Abnormalities of Ventricular Repolarization
The specificity—sensitivity spectrum of the ventricular complex can be compared to a pennant on a pole (Fig. 2-9, p. 44); even the smallest breeze can move the tip, a stronger wind will straighten it out all the way, and a real hurricane will bend the pole. When the wind subsides, the pennant will return to its undisturbed position, alongside the pole if the pole is still vertical, but apart from it if the pole has been bent. QRS-ST-T abnormalities are similar in many respects. Change may be induced in T by almost any stimulus, even a drink of cold water, a more severe or sustained one is needed to affect the ST segment, and QRS abnormality, especially of duration or contour, almost always means structural abnormality in the ventricular wall. T and ST may return to normal when the stimulus is removed, but QRS abnormality is likely to persist. Change in the route of depolarization influences that of repolarization; abnormality in ST-T may be secondary to that in QRS.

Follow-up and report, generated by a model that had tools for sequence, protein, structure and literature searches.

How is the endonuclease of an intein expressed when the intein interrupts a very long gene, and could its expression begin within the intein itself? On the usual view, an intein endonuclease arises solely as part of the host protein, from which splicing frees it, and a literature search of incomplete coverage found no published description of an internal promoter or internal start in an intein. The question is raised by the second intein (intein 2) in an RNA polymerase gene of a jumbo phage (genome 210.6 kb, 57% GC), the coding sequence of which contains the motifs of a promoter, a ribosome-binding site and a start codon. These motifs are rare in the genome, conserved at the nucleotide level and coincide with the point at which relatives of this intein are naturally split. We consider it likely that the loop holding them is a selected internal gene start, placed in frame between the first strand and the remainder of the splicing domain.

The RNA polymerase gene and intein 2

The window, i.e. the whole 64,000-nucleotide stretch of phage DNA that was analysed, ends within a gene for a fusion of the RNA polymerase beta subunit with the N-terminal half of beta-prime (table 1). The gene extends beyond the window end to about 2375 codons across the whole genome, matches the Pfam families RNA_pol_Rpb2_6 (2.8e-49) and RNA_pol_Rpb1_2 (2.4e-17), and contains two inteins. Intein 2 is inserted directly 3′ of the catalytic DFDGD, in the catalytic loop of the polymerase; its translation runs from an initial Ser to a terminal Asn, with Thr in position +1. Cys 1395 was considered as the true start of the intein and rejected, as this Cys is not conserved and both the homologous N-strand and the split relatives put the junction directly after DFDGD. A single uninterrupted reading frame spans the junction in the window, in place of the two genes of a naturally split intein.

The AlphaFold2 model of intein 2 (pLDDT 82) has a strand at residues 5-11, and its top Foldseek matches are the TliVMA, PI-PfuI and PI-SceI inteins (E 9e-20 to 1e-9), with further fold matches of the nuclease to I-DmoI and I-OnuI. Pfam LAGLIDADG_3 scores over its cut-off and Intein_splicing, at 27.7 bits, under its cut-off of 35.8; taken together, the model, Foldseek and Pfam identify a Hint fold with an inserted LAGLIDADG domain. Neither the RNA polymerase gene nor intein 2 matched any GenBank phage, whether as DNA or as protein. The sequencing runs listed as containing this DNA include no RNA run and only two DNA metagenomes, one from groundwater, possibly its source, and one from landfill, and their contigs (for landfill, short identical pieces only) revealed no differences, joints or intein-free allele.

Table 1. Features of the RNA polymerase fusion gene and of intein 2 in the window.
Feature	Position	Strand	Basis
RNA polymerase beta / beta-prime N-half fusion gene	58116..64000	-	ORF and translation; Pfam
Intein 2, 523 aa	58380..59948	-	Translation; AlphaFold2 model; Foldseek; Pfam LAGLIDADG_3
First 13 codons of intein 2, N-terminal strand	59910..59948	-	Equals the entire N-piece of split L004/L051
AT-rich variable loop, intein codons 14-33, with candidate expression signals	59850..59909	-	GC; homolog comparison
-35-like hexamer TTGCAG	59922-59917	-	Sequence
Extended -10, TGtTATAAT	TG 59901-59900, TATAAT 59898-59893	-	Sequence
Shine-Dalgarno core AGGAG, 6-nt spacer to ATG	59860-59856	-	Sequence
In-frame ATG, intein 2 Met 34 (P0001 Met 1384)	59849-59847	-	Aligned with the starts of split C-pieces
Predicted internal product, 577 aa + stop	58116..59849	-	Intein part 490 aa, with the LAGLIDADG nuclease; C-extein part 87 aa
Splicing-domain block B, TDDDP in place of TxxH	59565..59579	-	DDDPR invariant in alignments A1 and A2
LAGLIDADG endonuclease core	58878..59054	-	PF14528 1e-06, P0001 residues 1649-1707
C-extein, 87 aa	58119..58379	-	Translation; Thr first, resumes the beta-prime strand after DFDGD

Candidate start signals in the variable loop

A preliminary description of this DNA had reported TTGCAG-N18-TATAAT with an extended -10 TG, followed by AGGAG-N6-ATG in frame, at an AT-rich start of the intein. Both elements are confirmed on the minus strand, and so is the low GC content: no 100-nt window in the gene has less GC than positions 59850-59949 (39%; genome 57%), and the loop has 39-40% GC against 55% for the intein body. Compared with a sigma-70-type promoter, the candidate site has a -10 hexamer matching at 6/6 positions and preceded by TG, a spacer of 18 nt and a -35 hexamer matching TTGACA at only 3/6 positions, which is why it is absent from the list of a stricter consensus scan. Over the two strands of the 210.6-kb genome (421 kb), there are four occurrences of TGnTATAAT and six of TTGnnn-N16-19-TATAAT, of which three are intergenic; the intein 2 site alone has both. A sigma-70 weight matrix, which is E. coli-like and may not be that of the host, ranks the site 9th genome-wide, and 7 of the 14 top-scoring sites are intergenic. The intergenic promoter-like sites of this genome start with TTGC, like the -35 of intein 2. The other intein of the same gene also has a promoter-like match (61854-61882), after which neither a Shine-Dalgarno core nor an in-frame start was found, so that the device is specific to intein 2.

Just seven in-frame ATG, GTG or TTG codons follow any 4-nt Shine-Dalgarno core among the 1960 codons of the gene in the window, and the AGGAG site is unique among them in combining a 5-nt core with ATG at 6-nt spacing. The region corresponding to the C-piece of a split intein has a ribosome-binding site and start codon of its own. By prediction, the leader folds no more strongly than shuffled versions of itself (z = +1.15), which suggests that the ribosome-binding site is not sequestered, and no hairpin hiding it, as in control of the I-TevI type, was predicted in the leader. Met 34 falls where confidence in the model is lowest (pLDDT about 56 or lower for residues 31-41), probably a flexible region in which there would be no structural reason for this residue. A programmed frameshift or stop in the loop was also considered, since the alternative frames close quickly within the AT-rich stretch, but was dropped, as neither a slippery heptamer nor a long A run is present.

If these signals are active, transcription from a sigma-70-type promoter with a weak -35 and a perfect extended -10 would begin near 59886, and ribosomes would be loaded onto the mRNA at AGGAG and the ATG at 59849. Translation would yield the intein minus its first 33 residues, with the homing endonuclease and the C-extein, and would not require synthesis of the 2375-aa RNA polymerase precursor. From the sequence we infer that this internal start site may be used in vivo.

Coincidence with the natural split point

KeywordsCatheter Depression Ischemia Sedimentation Anemia
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